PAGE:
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From Sisyphus: Nocturne

Sisyphus speaking to the stars about his plight



When Dusk comes through the sky,

her grey cape flowing

from her back,

she dims the day

and in the twilight air,

the red clouds low

against the western sky,

she brings the night

and sprinkles you, Dear Stars,

as far as she can throw.

Some say the night was once

a black-winged bird

who swallowed day

as if it were a worm

and in the sky she’d lay a silver egg

we call the moon.

Who knows what tale explains,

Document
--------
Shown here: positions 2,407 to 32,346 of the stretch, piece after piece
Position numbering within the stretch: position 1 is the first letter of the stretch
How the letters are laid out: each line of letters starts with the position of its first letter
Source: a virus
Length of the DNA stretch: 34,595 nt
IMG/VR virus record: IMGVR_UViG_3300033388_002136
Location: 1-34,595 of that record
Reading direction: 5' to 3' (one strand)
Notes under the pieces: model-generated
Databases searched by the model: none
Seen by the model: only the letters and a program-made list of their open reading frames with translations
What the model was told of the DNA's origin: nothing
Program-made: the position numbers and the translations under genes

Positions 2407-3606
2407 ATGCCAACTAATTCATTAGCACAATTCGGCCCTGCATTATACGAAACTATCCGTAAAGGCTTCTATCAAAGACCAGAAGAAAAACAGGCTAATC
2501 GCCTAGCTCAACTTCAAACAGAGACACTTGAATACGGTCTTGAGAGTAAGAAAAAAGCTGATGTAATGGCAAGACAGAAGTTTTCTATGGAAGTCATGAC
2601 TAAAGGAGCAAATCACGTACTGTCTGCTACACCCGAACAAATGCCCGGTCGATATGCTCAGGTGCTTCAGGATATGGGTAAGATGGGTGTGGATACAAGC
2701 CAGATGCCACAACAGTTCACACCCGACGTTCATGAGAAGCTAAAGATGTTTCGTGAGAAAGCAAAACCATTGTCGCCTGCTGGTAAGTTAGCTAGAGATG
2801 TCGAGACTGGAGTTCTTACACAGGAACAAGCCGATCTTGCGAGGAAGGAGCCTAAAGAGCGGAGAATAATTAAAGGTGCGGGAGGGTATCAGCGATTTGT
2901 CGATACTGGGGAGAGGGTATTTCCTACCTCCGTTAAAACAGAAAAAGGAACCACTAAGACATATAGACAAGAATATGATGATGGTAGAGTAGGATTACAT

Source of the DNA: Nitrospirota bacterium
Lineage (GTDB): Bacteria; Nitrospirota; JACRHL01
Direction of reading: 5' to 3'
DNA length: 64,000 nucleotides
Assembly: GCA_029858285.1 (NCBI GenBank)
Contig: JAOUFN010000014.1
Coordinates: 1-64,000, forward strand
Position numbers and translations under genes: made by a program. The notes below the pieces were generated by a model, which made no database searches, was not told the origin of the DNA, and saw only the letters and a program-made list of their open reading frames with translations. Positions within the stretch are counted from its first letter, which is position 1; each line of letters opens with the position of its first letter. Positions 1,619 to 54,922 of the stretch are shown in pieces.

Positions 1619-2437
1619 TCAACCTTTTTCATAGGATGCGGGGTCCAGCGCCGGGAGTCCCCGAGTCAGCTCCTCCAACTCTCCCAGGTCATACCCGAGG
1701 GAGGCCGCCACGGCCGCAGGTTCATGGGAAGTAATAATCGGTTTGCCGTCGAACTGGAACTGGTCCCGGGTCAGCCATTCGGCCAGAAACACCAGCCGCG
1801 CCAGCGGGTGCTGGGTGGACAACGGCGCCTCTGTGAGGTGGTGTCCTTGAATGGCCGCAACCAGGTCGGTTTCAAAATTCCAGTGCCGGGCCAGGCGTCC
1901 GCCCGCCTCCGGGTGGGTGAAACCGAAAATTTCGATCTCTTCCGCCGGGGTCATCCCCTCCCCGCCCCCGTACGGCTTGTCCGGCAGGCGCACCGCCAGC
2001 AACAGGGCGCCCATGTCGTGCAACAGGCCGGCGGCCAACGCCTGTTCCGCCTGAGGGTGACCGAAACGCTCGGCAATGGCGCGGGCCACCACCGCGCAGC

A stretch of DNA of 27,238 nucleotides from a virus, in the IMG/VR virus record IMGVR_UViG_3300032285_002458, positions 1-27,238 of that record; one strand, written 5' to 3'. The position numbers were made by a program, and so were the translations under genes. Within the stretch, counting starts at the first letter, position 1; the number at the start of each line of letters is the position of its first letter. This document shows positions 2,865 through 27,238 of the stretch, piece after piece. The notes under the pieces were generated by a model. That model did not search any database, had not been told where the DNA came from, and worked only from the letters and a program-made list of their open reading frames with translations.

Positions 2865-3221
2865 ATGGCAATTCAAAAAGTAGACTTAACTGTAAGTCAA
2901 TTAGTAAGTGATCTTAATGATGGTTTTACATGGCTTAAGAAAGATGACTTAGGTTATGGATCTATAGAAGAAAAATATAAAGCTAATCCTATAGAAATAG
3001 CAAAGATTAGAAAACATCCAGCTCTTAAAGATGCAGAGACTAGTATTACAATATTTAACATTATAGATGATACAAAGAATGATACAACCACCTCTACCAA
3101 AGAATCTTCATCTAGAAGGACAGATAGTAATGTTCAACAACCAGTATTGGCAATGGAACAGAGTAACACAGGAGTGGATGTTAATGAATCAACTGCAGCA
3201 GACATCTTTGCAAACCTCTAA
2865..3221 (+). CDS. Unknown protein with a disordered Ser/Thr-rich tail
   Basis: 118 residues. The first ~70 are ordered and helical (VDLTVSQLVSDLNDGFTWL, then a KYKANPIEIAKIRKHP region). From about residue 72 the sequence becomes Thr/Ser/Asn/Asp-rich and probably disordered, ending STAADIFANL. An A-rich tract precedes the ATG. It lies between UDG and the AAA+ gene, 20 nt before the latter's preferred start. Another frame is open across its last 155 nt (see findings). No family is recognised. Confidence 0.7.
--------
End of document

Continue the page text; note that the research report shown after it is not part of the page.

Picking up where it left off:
for sure, how we,

along with all the creatures here

arrived to know these days and nights?

Who can say, dear stars, how we

have come to live among you?

Who knows, when owls cry in the night

like mourning women,

what secrets do they speak in their lament

that we can’t hear?

And I have heard wolves howling

at the moon

and wished that I could say

with any certainty,

the meaning of their poetry.

Ah, night—

You bring us sleep and dreams

so we can leave the day

and go with you

beyond our lives

and soar like an eagle

high above the mountain tops

and there dive deep into the valleys of our lives

like scavengers for nourishment.

And now, Dear Stars,

though I can’t rest,

I sing against this stone

this nighttime song to you

and anyone out there

listening

in the dark.

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